The Australian Energy Market Operator has released a report assessing how the electricity system stood up over the Victoria-South Australia heatwave of January 13 to 17. AEMO points out that the heatwave involved some extraordinary weather conditions which, perhaps, act as an exclamation point on the fact that demand still fell short of the 2009 record, in spite of notable economic and population growth since that time.
In terms of Adelaide weather, it was the first ever five-day period with a string of maximums above 42 degrees and the hottest maximum five-day average temperature; 43.6 degrees, which included the fourth hottest day on record (45.1 degrees).
For Melbourne, it experienced its first ever four-day period of maximum temperatures above 41 degrees (January 14 to 17) and the maximum temperature averaged over those four days was the hottest four-day stretch ever.
In spite of this extraordinary heat and the fact that some seem to think this event necessitates an urgent rethink of policy settings, particularly on renewable energy, AEMO noted:
The NEM power system proved capable during this high demand period, with demand able to be supplied at all times. While minimum reserve levels were at times low, AEMO did not require any load shedding.
Of course this is not to suggest it was all smooth sailing. AEMO also noted:
Low periods of reserve were at times a cause for concern, with generation assets at Loy Yang and Torrens Island being either out of service due to faults, or limited in their output as a consequence of the heat.
In the end the transmission line between Tasmania and Victoria, Basslink, proved vital in the face of problems with these conventional generators although it, too, experienced an outage. The table below summarises the major supply outages over the heatwave and their implications.
Figure 1: Major sources of supply outages during heatwave
AEMO has also made an effort to analyse the role of wind and solar over the period of the heatwave. The numbers aren’t all that different to what has already been covered in Climate Spectator here and here. Nonetheless, the operator has added an additional dimension by showing the contribution of all technologies to meeting demand.
As you’d expect, renewables weren’t a big player in Victoria which is hardly interesting given their small share of generating capacity in that state. However in South Australia renewables represent a sizeable proportion of electricity supply capacity, making it useful in trying to understand what we might need to prepare for in the future. The chart below details sources of power supply in South Australia over time during the week of the heatwave, according to AEMO.
Wind power’s contribution, illustrated in white, was very small on Monday and Wednesday’s peaks but represented a sizeable proportion of supply during peaks on the other three days. It obviously isn’t going to replace the need for capacity from controllable sources of power but ... branding it useless, as some seem keen to do, doesn’t mesh too well with the fact it did a pretty good job of displacing fossil fuels and injecting greater competition into the market on three of the five days.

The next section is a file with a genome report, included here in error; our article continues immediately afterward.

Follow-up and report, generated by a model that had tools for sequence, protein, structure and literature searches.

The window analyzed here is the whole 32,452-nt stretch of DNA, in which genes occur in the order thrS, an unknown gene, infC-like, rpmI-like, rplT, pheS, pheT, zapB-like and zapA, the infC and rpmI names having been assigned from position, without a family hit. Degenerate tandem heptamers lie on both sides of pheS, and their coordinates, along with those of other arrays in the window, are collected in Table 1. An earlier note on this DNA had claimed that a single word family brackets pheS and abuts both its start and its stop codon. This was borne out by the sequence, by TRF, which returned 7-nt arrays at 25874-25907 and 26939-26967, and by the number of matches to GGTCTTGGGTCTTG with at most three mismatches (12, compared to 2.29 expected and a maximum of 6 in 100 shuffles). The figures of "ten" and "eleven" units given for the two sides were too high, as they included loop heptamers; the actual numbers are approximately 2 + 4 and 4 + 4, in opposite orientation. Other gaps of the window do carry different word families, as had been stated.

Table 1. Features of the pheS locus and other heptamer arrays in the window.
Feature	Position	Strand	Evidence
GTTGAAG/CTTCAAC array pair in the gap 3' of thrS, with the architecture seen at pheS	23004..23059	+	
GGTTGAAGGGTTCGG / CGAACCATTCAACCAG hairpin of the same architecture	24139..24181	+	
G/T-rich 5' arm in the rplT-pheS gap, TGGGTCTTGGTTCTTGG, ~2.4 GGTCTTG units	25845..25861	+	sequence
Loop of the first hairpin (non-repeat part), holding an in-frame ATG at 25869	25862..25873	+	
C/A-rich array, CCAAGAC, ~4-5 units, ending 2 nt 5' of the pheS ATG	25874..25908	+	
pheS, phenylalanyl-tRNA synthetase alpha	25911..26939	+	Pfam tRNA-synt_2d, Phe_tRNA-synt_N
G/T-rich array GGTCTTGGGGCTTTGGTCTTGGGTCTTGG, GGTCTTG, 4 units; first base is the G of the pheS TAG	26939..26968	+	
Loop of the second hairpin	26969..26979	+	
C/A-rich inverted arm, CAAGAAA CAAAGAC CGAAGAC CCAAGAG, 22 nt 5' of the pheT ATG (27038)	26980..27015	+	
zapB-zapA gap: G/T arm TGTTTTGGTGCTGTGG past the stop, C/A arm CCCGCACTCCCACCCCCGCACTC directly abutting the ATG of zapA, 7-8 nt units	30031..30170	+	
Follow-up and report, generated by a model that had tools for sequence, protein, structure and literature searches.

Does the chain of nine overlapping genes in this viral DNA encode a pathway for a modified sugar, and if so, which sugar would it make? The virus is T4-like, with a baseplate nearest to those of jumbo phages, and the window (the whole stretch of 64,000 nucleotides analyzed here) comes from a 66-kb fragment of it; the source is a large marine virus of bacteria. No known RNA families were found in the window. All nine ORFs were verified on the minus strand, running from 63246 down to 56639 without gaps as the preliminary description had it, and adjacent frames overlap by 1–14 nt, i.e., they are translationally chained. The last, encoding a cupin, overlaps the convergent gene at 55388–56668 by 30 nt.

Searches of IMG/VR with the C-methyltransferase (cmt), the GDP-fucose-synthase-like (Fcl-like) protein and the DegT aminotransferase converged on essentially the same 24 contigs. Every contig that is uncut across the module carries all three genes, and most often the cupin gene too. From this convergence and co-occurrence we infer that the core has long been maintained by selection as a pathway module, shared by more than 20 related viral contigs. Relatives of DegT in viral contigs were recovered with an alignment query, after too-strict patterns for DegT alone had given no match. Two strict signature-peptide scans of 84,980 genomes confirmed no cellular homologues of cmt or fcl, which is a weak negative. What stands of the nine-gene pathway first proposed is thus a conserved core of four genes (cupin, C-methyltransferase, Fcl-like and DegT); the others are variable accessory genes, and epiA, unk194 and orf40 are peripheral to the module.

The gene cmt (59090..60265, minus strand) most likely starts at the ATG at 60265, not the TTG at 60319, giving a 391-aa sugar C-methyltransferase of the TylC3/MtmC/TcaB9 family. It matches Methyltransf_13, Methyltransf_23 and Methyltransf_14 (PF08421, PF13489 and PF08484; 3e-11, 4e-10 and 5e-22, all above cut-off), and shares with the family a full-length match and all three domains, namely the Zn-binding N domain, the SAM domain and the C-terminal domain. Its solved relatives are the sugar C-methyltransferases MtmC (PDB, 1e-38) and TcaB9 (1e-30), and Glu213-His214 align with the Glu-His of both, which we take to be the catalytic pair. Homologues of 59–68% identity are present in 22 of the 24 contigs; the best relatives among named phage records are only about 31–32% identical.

Solar represents a much smaller amount of installed capacity than wind, but according to AEMO,
In another chart AEMO helps to better highlight how solar photovoltaic panels may be altering the time profile of demand levels for electricity from the wholesale market (large centralised generators) relative to the past. The chart shows demand across the 2009 heatwave period, in blue, when solar installed capacity was negligible and then the implied shape of demand over the 2013 heatwave with and without solar generation (solar output is not measured directly by AEMO but rather estimated from modelling).
Relative to 2009, peaks in demand for centralised generators (the red line) tend to be squashed downward and compressed into a shorter period later in the day. But once you take into account output from solar (yellow line) demand profiles look more similar to the shape in 2009.
Figure 3: South Australian electricity demand profile 2009 v 2013 with the influence of solar PV
This actually highlights quite an important potential trap in evaluating the extent to which solar may be moderating peak demand, and therefore the periods of very high wholesale prices. Solar is essentially invisible to most participants in the market and associated policy analysts because it doesn’t get measured in the market data AEMO collects and makes available every day. What they see is solely generation in the wholesale market.
If you were to solely look at this data you’d think demand was peaking quite late in the afternoon and at that time solar’s power output is dropping away. Yet that’s an incomplete picture and, in fact, demand for electricity is peaking a few hours earlier when solar’s output is considerably higher.
If you were to just judge solar on the time at which demand peaked on the wholesale market in South Australia, you’d think its contribution was negligible. For example, AEMO estimates over the week that it averaged only 2 per cent of supply at the time of wholesale market peak. This was precisely the mistake the Electricity Supply Association made in a press release on January 14 which fuelled a frenzy of criticism about renewable energy being useless.